The same ol’ Sawyer
Hometown teen remains true to roots, but showing growth in songwriting and singing since ‘The Voice’
He’s still the friendly town of Glen farm boy with an acoustic guitar strapped at the ready around his neck. In the words of Steve Miller, “Don’t take me too far away.” That sounds about right.
But Sawyer is also two years older, now has a girlfriend, and at the ripe old age of 18 seems a bit more sophisticated dealing with the entertainment machine. His songwriting has grown by leaps and bounds, and luckily for his listeners, he says he never wants to remain stagnant.
“I think it’s just living longer, you have more to say,” Fredericks says, explaining the changes.
The old soul with the unique voice is back in the spotlight, if just locally this week. Fredericks will headline Sticker Mule’s free All-Day Outdoor Music Festival, which starts at 11 a.m. Saturday at the Wilbur H. Lynch Academy, 4 Diamonds Field, in Amsterdam. Sawyer will perform in the late afternoon following Funk Evolution, Grand Central Station and Big Sky Country.
“I’m very excited,” Sawyer says of the local show, which expects thousands.
Festivalgoers are urged to bring a chair or blanket to enjoy a day of food, vendors and free amusement rides. The event will be held rain or shine.
Fredericks was in Amsterdam Thursday promoting his Saturday appearance at AM radio station WCSS in the Riverfront Center. He is also going to be making a video for a song from his upcoming third album, “Hide Your Ghost,” at the Glove Theatre. He is working with Troy-based Chromoscope Pictures for the video.
In addition to working on finishing that album, Sawyer is in the midst of a nationwide tour. After his Montgomery County appearance, his tour dates in October and November include cities such as: Indianapolis, Ind.; Lexington, Ky.; Columbus, Ohio; San Antonio, Tex.; The Woodlands, Tex.; New Orleans, La.; Philadelphia, Pa,; and Annapolis, Md.
No one really knew Sawyer Fredericks until he captured a national TV audience with “The Voice” in spring 2015. Then-15 and 16, he elevated what he still calls his “contemporary folk” renditions of well-known songs, and his own tunes, to celebrity status. At the time, Fredericks was the youngest winner ever on “The Voice” over country singer Meghan Linsey May 19, 2015 in Hollywood. At the same time, he set a record for having 14 singles on the iTunes Top 200 Singles Chart. The talented youth sold nearly 1 million copies of songs performed on “The Voice.”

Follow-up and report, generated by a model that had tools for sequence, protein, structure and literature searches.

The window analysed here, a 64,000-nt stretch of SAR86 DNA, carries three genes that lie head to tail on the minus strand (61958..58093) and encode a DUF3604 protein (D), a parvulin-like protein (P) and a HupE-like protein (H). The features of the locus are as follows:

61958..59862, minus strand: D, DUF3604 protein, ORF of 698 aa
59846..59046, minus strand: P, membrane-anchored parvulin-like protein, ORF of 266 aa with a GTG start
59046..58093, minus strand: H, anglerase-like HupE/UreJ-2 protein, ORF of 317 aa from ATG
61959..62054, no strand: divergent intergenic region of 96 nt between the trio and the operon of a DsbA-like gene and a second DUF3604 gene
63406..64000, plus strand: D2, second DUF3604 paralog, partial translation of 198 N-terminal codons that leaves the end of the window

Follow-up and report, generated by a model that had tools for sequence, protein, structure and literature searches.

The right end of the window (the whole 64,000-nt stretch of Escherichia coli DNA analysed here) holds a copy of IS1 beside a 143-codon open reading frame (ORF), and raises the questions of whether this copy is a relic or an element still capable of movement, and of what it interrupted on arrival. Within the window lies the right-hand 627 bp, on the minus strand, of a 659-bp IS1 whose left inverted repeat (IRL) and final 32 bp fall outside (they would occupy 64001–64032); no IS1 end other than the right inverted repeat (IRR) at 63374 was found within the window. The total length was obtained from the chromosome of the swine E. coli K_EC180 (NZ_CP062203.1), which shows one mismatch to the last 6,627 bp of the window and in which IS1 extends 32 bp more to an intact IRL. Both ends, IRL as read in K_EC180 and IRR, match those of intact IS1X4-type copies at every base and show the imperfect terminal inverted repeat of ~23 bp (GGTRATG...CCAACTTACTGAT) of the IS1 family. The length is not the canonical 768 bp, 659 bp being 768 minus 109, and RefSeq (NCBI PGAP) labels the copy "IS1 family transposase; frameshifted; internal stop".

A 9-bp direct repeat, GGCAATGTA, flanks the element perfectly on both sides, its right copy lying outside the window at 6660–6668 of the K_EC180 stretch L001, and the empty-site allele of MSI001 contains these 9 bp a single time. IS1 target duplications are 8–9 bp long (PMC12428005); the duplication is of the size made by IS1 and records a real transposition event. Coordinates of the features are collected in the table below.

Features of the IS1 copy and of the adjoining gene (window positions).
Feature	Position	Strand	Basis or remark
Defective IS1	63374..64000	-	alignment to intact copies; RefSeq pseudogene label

In an interview Thursday outside WCSS, Fredericks smiles and seems appreciate when told his lyrics have matured.
A song like, “Hide Your Ghost,” the title track from the new album, shows that.
“Isolated and invaded by the wolves you would not play with. All is stated and is made to be witnessed. And the tyrant has your life spent on the lies he feeds his kind with. And we all will suffer and all will die for the other. Yes we all will suffer and all will die for the other.”
When told that his songs sometimes make the listener sad, he laughs.
“A lot of my songs are depressing,” he said.
But like a great storyteller, similar to the late Harry Chapin, Sawyer Fredericks’ music clutches onto your soul and won’t let you go until you at least confront what he’s trying to say.
“I think my music is constantly evolving,” Fredericks said. “I listen to a lot of different type of music.”
He still lives on the farm he has grown up on in the town of Glen. His mother, Kirsten Fredericks of Windrake Records Inc., is now his manager. He has no contractual obligations with “The Voice.” But by winning, Fredericks took home $100,000, a recording contract with Republic Records, and a Nissan vehicle. He still keeps in contact with some of “The Voice” contestants as friends, although he is too busy to watch the show now.
His major label debut, “A Good Storm,” with Republic Records sold well and mixed a blend of soulful folk, blues, and rock, entirely written or cowritten by Sawyer.
Today, Sawyer said he is “close” to finishing “Hide Your Ghost.” The dark heartache song, “Gasoline,” could be the first single.
“Don’t scream, my body is gasoline,” he sings. “Won’t find no fools who use me. I consume all I love. No, I ain’t no toy.”
Fredericks, who took his first plane ride at the start of “The Voice,” now finds air travel a means to an end.
“I really enjoy traveling,” the young man says.
But he just wishes he could enjoy the cities he’s in a little longer than his tour schedule allows.
When he’s away from home, he misses his family farm and his girlfriend, the latter subject he prefers remain private.
Mother Kirsten Fredericks says her son is still pretty much the homebody he was before the trappings of instant fame on “The Voice.”
“Sawyer hopes to build a home on the farm,” she says. “This hasn’t changed who he is anyway.”
During “The Voice” months, he was home schooled, but his mother says he is now an “unschooler” — simply learning from life around him.
“It’s never over,” she says of the learning process.
Michael Anich covers Johnstown and Fulton County news. He can be reached at firstname.lastname@example.org.